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silvery lustrous gray
General properties
Name, symbol, number indium, In, 49
Element category post-transition metal
Group, period, block 135, p
Standard atomic weight 114.818g·mol−1
Electron configuration [Kr] 4d10 5s2 5p1
Electrons per shell 2, 8, 18, 18, 3 (Image)
Physical properties
Phase solid
Density (near r.t.) 7.31 g·cm−3
Liquid density at m.p. 7.02 g·cm−3
Melting point 429.7485 K, 156.5985 °C, 313.8773 °F
Boiling point 2345 K, 2072 °C, 3762 °F
Heat of fusion 3.281 kJ·mol−1
Heat of vaporization 231.8 kJ·mol−1
Specific heat capacity (25 °C) 26.74 J·mol−1·K−1
Vapor pressure
P/Pa 1 10 100 1 k 10 k 100 k
at T/K 1196 1325 1485 1690 1962 2340
Atomic properties
Oxidation states 3, 2, 1 (amphoteric oxide)
Electronegativity 1.78 (Pauling scale)
Ionization energies 1st: 558.3 kJ·mol−1
2nd: 1820.7 kJ·mol−1
3rd: 2704 kJ·mol−1
Atomic radius 167 pm
Covalent radius 142±5 pm
Van der Waals radius 193 pm
Crystal structure tetragonal
Magnetic ordering diamagnetic[1]
Electrical resistivity (20 °C) 83.7 nΩ·m
Thermal conductivity (300 K) 81.8 W·m−1·K−1
Thermal expansion (25 °C) 32.1 µm·m−1·K−1
Speed of sound (thin rod) (20 °C) 1215 m/s
Young's modulus 11 GPa
Mohs hardness 1.2
Brinell hardness 8.83 MPa
CAS registry number 7440-74-6
Most stable isotopes
Main article: Isotopes of indium
iso NA half-life DM DE (MeV) DP
113In 4.3% 113In is stable with 64 neutrons
115In 95.7% 4.41×1014 y β 0.495 115Sn

Indium (pronounced /ˈɪndiəm/, IN-dee-əm) is a chemical element with chemical symbol In and atomic number 49. This rare, soft, malleable and easily fusible post-transition metal is chemically similar to aluminium or gallium but more closely resembles zinc (zinc ores are also the primary source of this metal).

Indium's current primary application is to form transparent electrodes from indium tin oxide in liquid crystal displays and touchscreens, and this use largely determines its global mining production. It is widely used in thin-films to form lubricated layers (during World War II it was widely used to coat bearings in high-performance aircraft). It is also used for making particularly low melting point alloys, and is a component in some lead-free solders. Radioactive indium-111 is used in nuclear medicine as an imaging agent to follow the movement of leukocytes in the body.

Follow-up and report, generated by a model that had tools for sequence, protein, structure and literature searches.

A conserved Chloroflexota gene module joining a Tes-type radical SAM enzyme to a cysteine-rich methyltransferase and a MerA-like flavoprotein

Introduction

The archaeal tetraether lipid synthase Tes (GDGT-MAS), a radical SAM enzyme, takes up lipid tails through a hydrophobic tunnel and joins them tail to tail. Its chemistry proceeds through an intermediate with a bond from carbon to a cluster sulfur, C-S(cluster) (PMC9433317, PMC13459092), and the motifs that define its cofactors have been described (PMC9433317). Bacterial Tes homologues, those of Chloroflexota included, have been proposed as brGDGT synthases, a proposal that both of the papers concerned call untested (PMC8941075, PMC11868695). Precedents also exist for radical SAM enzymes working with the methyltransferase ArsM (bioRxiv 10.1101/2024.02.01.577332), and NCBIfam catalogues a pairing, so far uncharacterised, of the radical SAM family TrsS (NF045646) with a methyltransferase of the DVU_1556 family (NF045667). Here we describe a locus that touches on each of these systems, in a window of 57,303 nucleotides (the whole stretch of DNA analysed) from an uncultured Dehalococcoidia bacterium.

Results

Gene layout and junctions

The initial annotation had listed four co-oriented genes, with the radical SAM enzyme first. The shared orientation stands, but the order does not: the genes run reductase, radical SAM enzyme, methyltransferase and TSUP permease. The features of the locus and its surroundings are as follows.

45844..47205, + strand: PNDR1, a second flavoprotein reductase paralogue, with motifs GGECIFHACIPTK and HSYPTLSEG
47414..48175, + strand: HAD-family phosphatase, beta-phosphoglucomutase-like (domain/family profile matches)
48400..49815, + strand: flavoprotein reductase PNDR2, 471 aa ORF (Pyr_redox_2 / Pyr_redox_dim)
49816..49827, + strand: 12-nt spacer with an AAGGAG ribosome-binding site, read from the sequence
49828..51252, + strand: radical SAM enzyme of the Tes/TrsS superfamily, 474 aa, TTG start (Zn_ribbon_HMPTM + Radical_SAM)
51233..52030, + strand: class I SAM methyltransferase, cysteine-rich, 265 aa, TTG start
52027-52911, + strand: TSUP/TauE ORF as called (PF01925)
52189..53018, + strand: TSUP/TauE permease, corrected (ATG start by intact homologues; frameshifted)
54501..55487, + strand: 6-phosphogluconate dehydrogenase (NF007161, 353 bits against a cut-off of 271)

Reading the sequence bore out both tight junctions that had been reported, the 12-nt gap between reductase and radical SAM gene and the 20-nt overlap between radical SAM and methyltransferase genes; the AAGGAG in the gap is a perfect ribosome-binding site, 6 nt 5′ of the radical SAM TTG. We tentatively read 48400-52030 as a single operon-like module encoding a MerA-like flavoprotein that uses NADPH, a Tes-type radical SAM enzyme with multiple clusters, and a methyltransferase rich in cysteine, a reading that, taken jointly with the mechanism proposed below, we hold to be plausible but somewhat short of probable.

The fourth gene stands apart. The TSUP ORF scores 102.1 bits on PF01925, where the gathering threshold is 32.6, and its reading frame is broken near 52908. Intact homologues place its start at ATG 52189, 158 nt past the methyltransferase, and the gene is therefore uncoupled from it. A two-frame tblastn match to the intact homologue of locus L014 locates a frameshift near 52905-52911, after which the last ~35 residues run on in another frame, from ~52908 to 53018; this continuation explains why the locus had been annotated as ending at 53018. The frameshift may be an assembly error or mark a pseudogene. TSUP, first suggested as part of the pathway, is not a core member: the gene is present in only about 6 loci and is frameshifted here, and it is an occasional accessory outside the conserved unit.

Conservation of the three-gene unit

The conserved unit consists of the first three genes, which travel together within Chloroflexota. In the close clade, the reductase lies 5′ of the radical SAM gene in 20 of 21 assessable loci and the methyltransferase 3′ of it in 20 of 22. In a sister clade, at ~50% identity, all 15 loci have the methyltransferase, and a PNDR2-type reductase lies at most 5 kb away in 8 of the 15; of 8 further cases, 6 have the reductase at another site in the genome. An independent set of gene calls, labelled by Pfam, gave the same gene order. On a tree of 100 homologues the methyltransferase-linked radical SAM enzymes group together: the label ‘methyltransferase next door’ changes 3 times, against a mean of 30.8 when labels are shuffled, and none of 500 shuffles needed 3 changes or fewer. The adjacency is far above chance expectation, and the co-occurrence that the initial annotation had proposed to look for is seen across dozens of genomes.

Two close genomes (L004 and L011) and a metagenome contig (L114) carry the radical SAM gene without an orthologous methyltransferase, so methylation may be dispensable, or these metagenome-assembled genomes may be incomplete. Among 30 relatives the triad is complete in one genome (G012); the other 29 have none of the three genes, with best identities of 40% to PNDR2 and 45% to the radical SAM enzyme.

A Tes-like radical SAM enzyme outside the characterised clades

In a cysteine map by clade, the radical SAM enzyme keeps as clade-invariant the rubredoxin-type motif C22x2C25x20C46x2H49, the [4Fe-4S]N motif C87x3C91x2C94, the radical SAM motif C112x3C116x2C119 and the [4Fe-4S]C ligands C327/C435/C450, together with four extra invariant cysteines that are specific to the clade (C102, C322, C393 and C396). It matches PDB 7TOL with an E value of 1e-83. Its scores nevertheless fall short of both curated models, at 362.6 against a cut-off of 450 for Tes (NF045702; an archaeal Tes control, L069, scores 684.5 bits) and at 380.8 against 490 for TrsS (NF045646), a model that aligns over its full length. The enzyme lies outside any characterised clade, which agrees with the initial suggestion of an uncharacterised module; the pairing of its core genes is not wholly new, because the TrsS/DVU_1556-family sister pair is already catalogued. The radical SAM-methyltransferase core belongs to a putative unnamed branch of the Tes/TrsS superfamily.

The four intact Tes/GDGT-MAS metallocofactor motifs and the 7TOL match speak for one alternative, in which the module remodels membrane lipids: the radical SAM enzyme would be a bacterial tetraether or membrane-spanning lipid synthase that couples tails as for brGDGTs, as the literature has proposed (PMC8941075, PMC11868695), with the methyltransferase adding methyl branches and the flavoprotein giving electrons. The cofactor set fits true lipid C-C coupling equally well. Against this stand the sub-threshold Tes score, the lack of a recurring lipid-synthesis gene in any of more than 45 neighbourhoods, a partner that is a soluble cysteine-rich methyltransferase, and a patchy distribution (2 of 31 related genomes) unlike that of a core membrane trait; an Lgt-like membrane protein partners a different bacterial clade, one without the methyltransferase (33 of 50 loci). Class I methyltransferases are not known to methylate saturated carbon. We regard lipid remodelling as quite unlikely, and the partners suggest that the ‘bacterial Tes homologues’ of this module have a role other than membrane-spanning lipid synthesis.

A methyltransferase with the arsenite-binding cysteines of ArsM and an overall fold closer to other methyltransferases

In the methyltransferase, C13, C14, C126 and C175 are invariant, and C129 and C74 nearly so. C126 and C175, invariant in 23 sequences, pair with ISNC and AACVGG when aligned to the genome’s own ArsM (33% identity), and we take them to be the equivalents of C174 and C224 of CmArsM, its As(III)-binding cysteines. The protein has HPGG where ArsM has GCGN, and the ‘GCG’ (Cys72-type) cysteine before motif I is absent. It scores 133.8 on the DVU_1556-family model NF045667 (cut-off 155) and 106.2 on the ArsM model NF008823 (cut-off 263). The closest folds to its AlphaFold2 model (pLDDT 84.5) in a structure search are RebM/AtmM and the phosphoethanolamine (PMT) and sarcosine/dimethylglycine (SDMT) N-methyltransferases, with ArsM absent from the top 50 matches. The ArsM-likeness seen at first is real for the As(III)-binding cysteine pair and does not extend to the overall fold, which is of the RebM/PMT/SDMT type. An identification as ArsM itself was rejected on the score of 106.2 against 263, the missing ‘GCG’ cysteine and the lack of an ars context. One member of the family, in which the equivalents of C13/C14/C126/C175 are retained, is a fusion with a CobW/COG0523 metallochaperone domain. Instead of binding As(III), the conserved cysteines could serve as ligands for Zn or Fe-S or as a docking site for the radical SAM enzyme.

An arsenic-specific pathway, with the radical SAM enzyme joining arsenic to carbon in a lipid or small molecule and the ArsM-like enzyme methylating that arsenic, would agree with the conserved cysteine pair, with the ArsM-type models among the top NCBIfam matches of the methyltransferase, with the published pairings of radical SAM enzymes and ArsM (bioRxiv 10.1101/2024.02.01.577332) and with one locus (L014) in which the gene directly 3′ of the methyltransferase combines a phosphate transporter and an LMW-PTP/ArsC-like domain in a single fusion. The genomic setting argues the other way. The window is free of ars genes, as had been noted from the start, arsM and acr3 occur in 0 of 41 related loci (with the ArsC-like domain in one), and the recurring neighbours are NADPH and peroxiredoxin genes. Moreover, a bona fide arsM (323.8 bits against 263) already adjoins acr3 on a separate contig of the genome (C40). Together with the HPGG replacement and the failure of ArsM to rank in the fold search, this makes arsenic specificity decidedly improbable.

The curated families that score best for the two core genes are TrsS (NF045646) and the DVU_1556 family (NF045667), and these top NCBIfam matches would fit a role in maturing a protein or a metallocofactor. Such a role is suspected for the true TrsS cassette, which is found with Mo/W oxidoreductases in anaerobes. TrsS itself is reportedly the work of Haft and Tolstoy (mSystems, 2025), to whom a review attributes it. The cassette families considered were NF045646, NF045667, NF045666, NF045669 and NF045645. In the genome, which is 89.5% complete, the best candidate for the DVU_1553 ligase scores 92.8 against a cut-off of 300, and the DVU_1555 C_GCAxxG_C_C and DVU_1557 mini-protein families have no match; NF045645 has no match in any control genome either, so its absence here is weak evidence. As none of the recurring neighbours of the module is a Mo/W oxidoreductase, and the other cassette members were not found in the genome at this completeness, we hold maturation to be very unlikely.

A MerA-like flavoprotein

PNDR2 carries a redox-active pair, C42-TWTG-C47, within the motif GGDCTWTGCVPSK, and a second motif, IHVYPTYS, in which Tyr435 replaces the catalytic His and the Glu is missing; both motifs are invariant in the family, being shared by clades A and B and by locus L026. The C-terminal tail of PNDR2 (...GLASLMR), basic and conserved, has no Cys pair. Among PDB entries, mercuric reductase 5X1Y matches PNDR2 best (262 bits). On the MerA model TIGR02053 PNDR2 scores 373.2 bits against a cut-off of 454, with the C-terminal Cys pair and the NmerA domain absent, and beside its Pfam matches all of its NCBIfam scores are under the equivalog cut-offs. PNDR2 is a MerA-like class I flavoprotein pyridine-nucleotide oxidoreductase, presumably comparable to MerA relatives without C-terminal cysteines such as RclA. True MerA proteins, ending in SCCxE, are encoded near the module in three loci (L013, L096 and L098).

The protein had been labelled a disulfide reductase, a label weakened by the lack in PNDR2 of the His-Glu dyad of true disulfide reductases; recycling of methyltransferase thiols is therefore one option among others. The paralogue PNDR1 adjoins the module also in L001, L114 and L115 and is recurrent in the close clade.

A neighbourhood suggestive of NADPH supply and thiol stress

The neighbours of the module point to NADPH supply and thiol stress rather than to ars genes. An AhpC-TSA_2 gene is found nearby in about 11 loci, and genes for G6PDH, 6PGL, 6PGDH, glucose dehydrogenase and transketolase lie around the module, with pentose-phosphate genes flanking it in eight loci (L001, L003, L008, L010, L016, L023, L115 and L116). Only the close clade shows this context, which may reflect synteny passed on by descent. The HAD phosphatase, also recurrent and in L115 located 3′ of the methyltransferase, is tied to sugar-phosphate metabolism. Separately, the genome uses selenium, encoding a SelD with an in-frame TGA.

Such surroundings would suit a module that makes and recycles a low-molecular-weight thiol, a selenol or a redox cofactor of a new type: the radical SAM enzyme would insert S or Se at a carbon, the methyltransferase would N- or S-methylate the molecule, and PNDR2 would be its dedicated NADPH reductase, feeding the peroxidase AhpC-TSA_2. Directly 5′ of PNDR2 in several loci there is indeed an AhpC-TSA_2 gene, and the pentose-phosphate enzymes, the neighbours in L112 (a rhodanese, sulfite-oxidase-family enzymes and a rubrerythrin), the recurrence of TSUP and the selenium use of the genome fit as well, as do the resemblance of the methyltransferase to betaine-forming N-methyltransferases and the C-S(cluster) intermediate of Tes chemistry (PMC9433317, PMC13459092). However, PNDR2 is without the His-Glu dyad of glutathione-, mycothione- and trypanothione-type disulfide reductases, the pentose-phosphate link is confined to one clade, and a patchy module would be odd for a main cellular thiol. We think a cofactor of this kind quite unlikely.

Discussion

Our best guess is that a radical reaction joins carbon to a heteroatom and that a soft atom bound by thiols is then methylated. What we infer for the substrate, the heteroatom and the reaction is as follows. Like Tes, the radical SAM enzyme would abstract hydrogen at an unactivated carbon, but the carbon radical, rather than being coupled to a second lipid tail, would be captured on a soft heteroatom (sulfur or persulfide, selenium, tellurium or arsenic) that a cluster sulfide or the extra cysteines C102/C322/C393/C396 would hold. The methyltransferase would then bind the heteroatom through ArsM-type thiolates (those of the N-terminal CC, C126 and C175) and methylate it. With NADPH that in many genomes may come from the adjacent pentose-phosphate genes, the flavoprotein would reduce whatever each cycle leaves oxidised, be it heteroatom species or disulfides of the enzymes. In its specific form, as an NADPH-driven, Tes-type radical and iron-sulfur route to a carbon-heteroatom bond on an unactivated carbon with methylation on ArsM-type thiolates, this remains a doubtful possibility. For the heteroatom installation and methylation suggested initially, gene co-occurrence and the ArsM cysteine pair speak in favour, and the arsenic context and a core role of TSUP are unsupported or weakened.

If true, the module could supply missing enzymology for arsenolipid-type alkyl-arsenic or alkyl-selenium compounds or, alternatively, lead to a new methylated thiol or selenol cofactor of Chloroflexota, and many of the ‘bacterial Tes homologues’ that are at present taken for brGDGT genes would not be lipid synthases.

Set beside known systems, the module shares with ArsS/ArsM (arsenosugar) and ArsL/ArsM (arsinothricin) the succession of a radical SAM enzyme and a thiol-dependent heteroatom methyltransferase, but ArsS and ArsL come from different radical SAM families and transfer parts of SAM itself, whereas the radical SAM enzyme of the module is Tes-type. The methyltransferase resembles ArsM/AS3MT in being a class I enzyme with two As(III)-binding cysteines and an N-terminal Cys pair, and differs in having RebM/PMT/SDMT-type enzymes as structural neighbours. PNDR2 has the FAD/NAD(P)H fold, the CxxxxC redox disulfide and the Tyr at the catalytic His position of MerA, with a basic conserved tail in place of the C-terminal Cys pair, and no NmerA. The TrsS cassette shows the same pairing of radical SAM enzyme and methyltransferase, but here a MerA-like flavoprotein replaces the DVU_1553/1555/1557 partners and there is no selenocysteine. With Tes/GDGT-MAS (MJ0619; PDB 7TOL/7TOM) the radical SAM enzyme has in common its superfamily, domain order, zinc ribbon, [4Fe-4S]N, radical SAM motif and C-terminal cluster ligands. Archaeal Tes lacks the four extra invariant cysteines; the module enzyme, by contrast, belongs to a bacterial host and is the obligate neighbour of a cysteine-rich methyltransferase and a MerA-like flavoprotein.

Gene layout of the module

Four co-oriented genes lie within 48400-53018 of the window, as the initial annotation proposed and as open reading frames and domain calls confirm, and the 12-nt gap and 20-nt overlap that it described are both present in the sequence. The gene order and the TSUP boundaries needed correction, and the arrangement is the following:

Indium wetting the glass surface of a test tube

Indium is a very soft, silvery-white, relatively rare true metal with a bright luster. As a pure metal, indium emits a high-pitched "cry", when it is bent.[2] Both gallium and indium are able to wet glass.

One unusual property of indium is that its most common isotope is slightly radioactive; it very slowly decays by beta emission to tin. This radioactivity has a half-life of 4.41 × 1014 years, four orders of magnitude larger than the age of the universe and nearly 50,000 times longer than that of natural thorium. Unlike its period 5 neighbor cadmium, indium is not a cumulative poison.


In 1863 the German chemists Ferdinand Reich and Hieronymous Theodor Richter were testing ores from the mines around Freiberg, Saxony. They dissolved the minerals pyrite, arsenopyrite, galena and sphalerite in hydrochloric acid and distilled the raw zinc chloride. As it was known that ores from that region sometimes contain thallium they searched for the green emission lines with spectroscopic methods. The green lines were absent but a blue line was present in the spectrum. As no element was known with a bright blue emission they concluded that a new element was present in the minerals. They named the element with the blue spectral line indium, from the indigo color seen in its spectrum.[3][4] Richter went on to isolate the metal in 1864.[5] At the World Fair 1867 an ingot of 500g was presented.[6]

Occurrence and consumption

Indium ranks 61st in abundance in the Earth's crust at approximately 0.25 ppm,[7] which means it is more than three times as abundant as silver, which occurs at 0.075 ppm.[8] Fewer than 10 indium minerals are known, none occurring in significant deposits. Examples are the dzhalindite (In(OH)3) and indite (FeIn2S4).[9]